Conflict comes in all shapes and sizes, from the hero’s mad dash to get home and clean before his girlfriend comes over to the final battle at the climax of your novel. Most of us who write remember sitting in some class and being lectured about Person vs. Person, Person vs. Society, Person vs. Nature, and Person vs. Self until our eyes glazed over. Since it’s conflict, you’d think it would have been a more interesting lecture, but it never seemed to work out that way.
Not that it isn’t useful to know you have options. I’ve read romances where geographic separation was the core conflict and science fiction where the conflict revolved around not being eaten by the local plants. You can take any of these types of conflict and find something that really works for your story. But in all the reading and editing I’ve done, I’ve noticed a trend in conflict:
Villains make everything easier.
Not every book has or needs a villain, but when you’ve got one, you never have to look far for new conflict. No random natural disasters need apply and no evil record companies need to make irrational changes to a tour schedule to keep the heroine and hero apart. When you have a villain, someone is actively plotting against your protagonists. Need to get two characters locked into a room together for eight hours? Ask your villain. Want a brush with death to make sure they realize they can’t live without each other? Ask your villain. Slow spot in chapters 15 and 16? Ask your villain.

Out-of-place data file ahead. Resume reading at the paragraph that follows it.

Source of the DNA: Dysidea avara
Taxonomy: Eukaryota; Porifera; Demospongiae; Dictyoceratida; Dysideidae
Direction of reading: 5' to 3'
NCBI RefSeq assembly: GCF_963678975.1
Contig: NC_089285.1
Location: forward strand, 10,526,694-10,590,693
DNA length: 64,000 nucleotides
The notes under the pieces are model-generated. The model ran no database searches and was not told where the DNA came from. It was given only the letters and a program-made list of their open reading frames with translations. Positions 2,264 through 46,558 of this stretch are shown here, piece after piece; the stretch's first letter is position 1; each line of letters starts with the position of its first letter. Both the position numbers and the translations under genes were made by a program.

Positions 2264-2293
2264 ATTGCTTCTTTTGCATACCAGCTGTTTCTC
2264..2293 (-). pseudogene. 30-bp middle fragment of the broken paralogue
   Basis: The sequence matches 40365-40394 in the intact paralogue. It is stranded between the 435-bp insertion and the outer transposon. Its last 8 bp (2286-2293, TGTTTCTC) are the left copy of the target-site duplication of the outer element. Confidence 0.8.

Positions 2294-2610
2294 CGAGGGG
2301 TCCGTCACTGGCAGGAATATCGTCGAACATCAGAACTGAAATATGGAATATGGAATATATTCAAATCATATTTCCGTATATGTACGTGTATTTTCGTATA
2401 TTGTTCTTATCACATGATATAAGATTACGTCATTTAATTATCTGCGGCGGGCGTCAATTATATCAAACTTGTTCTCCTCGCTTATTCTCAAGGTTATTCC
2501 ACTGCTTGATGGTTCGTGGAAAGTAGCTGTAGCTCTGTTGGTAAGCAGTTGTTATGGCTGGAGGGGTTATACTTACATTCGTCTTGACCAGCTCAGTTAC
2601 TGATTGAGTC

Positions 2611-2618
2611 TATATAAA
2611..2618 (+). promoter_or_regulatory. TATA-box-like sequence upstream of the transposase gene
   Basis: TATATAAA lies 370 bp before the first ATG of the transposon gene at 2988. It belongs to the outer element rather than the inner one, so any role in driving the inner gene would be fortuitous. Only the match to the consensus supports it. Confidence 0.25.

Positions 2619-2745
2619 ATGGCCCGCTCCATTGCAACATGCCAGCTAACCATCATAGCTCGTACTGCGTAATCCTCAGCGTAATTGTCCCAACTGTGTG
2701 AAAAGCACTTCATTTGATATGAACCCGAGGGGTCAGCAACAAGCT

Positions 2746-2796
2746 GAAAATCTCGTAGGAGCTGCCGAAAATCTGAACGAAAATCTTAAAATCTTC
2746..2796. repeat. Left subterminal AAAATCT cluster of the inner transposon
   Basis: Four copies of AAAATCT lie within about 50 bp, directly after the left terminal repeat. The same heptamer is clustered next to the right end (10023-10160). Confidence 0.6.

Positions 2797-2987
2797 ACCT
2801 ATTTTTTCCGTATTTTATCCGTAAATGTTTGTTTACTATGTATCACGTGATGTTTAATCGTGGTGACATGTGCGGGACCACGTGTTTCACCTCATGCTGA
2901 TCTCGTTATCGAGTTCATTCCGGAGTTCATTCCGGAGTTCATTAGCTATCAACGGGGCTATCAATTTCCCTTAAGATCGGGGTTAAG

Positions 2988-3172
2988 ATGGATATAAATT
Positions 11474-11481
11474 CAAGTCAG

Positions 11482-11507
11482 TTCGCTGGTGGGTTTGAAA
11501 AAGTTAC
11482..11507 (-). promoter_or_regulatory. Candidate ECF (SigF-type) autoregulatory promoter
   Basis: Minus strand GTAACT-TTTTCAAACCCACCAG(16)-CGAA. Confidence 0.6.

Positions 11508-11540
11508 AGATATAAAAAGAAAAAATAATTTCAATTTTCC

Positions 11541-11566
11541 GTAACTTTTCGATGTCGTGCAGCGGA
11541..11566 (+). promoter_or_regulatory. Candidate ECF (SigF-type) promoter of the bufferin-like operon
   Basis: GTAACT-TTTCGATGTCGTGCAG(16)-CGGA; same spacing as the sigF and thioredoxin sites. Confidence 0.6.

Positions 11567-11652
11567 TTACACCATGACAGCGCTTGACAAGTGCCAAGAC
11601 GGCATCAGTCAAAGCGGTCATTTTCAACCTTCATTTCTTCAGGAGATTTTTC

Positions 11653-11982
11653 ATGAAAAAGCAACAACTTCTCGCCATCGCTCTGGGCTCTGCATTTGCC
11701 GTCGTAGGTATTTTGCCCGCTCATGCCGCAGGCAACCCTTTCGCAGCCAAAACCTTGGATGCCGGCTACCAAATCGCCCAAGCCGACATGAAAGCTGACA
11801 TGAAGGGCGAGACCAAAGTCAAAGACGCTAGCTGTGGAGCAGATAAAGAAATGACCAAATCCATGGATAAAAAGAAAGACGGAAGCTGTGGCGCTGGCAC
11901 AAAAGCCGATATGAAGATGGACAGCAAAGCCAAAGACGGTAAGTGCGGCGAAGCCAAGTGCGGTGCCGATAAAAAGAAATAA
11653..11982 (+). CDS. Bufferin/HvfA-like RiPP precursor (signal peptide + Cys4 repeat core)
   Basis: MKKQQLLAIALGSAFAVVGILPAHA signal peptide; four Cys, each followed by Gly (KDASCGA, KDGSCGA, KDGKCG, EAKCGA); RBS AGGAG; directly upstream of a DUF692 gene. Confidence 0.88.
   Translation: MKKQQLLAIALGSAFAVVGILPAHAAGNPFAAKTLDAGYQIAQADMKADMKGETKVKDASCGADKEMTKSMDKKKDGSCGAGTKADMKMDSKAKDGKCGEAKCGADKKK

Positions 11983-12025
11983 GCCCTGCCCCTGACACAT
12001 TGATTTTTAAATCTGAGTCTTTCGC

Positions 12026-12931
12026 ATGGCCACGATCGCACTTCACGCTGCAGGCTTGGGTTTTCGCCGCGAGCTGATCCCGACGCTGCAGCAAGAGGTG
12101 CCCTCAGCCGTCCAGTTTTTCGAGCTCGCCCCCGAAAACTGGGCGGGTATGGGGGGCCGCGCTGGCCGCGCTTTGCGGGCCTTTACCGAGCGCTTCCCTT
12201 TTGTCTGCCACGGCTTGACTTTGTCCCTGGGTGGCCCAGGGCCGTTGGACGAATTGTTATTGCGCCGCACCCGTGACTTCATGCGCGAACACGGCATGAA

Villains don’t operate in a vacuum, no matter how convenient they are to a writer. Whatever your villain does has to make sense from his own point of view and within the context of his world. And he can’t be having a bad day where he just doesn’t feel terribly villainous–like heroes, your villains must perform to their own maximum capacity. A villain who is only a real danger when you want her to be doesn’t present enough challenge for your protagonists, and one who doesn’t act in her own best interests really ought to get into a different line of work.
The most frightening thing about villains is that so often, they believe they are the heroes. Your evil dictator may honestly feel that she can save more lives as an absolute ruler than she could as a president. Your mad scientist may be doing everything to save of the life of his only child. Villains are people in the same way that heroes are, and if you don’t write them that way, both your villain and your story will come out a little flat and unbelievable.
Give your villains motivation and the capacity to triumph, and your heroes will never want for someone to struggle against. What’s more, they’ll look that much better when they win the day.
Let’s hear it for the villains.
reprinted/reblogged by permission at Storm Moon Press